The director of the veterans hospital in Wichita has informed two U.S. senators that the hospital kept a secret waiting list of patients that was found to have endangered veterans.
In addition, 96 veterans in the Department of Veterans Affairs’ Heartland Network area had waited more than 90 days for appointments, including 12 veterans in Kansas City, nine in Wichita and eight in eastern Kansas (Topeka and Leavenworth).
The disclosures, sent by fax late Friday to Sens. Pat Roberts and Jerry Moran, contained few details and referred the senators to a Wichita-based public affairs spokesman. The spokesman is on vacation, and his replacement said she was not immediately prepared to field questions.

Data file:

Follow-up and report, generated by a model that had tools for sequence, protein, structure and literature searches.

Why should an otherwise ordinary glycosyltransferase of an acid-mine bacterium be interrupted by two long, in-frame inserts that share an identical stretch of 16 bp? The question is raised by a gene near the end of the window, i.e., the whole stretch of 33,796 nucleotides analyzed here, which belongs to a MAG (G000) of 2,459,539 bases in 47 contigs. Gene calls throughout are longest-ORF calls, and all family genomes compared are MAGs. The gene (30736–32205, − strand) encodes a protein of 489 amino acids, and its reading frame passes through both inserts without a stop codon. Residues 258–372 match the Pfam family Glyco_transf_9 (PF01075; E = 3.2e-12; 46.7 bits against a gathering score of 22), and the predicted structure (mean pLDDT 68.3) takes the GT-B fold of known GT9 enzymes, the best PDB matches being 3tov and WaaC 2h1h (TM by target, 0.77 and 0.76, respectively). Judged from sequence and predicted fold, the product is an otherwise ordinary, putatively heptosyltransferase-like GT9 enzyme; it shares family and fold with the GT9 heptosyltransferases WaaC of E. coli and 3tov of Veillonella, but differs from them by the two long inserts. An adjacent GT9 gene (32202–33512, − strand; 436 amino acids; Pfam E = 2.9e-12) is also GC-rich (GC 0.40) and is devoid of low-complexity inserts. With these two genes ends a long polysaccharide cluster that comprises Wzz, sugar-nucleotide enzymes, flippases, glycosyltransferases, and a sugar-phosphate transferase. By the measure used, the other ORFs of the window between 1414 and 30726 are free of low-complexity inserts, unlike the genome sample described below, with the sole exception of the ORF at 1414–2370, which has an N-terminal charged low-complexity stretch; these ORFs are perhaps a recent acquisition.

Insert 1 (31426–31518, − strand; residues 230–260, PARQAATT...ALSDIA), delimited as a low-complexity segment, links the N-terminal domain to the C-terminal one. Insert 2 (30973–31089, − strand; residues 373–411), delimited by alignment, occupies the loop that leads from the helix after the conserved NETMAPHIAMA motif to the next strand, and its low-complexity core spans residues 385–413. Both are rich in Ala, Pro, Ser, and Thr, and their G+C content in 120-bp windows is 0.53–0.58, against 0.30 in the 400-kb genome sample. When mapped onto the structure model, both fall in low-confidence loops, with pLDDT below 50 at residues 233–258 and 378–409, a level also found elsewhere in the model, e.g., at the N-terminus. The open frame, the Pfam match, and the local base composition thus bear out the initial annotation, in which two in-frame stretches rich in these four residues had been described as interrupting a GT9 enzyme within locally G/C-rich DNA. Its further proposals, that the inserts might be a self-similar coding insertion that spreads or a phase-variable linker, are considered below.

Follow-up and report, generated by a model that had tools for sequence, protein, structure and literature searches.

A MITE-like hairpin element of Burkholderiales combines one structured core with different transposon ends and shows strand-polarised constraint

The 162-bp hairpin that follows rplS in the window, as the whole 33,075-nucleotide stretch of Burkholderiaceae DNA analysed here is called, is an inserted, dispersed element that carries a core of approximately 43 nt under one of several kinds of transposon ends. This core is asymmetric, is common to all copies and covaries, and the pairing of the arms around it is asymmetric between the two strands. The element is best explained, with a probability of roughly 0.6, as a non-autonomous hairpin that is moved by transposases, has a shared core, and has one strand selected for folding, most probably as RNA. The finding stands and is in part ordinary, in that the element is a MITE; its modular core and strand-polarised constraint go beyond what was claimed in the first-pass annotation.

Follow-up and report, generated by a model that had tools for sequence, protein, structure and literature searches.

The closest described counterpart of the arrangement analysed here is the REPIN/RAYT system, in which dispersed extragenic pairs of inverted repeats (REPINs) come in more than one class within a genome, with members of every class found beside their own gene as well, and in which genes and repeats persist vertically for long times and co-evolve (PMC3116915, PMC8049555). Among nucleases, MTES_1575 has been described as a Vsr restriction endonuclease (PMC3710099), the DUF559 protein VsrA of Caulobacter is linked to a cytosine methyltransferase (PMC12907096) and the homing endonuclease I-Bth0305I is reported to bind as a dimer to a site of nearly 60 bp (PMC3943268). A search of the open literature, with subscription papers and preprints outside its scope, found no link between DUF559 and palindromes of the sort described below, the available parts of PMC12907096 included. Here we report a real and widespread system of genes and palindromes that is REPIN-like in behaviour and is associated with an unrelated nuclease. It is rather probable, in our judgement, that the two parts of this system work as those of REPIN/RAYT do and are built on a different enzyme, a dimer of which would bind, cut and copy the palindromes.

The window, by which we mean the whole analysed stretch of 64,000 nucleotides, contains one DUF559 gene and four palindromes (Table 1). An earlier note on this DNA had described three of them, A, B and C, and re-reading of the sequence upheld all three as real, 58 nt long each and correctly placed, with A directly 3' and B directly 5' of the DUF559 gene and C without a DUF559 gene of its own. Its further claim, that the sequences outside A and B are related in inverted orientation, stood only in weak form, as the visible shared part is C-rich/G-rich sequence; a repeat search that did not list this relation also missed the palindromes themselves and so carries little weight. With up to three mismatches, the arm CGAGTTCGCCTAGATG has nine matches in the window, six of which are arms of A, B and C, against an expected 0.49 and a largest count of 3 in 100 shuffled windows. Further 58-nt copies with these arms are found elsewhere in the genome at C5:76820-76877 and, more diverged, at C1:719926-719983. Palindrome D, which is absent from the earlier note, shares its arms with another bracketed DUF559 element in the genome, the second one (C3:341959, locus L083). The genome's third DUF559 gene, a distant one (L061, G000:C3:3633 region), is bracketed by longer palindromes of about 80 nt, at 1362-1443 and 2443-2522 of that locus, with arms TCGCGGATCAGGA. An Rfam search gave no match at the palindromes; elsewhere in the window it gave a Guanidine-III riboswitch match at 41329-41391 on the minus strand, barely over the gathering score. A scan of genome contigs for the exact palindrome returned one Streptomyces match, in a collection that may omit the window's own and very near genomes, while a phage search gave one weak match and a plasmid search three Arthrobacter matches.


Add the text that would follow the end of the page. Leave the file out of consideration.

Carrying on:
Roberts said his No. 1 priority is to find out how many veterans were endangered and exactly what has been done to correct the problem. He said he has learned that the list that placed veterans at risk involved patients who had been discharged from the hospital and were supposed to receive ongoing primary care while recovering at home.
Overall, the inspector general’s office found 10 secret lists in the Heartland Network, which includes Kansas and Missouri, and parts of Illinois, Indiana, Kentucky and Arkansas.
Of those 10 lists, two were found to have actually placed veterans at risk, including the one in Wichita, according to the fax from Francisco Vazquez, director of the Dole VA Medical Center.
In the cases where the secret lists didn’t put patients at risk, staffers were educated about “more appropriate techniques.” Wichita “terminated” the list and corrected gaps in patient access, the fax said.
Among the veterans waiting more than 90 days for appointments with primary care doctors, the fax said they included 26 in St. Louis, 19 in Columbia and 14 in Poplar Bluff, Mo.
The national scandal over VA scheduling began at the Phoenix veterans hospital and has spread to other facilities across the country.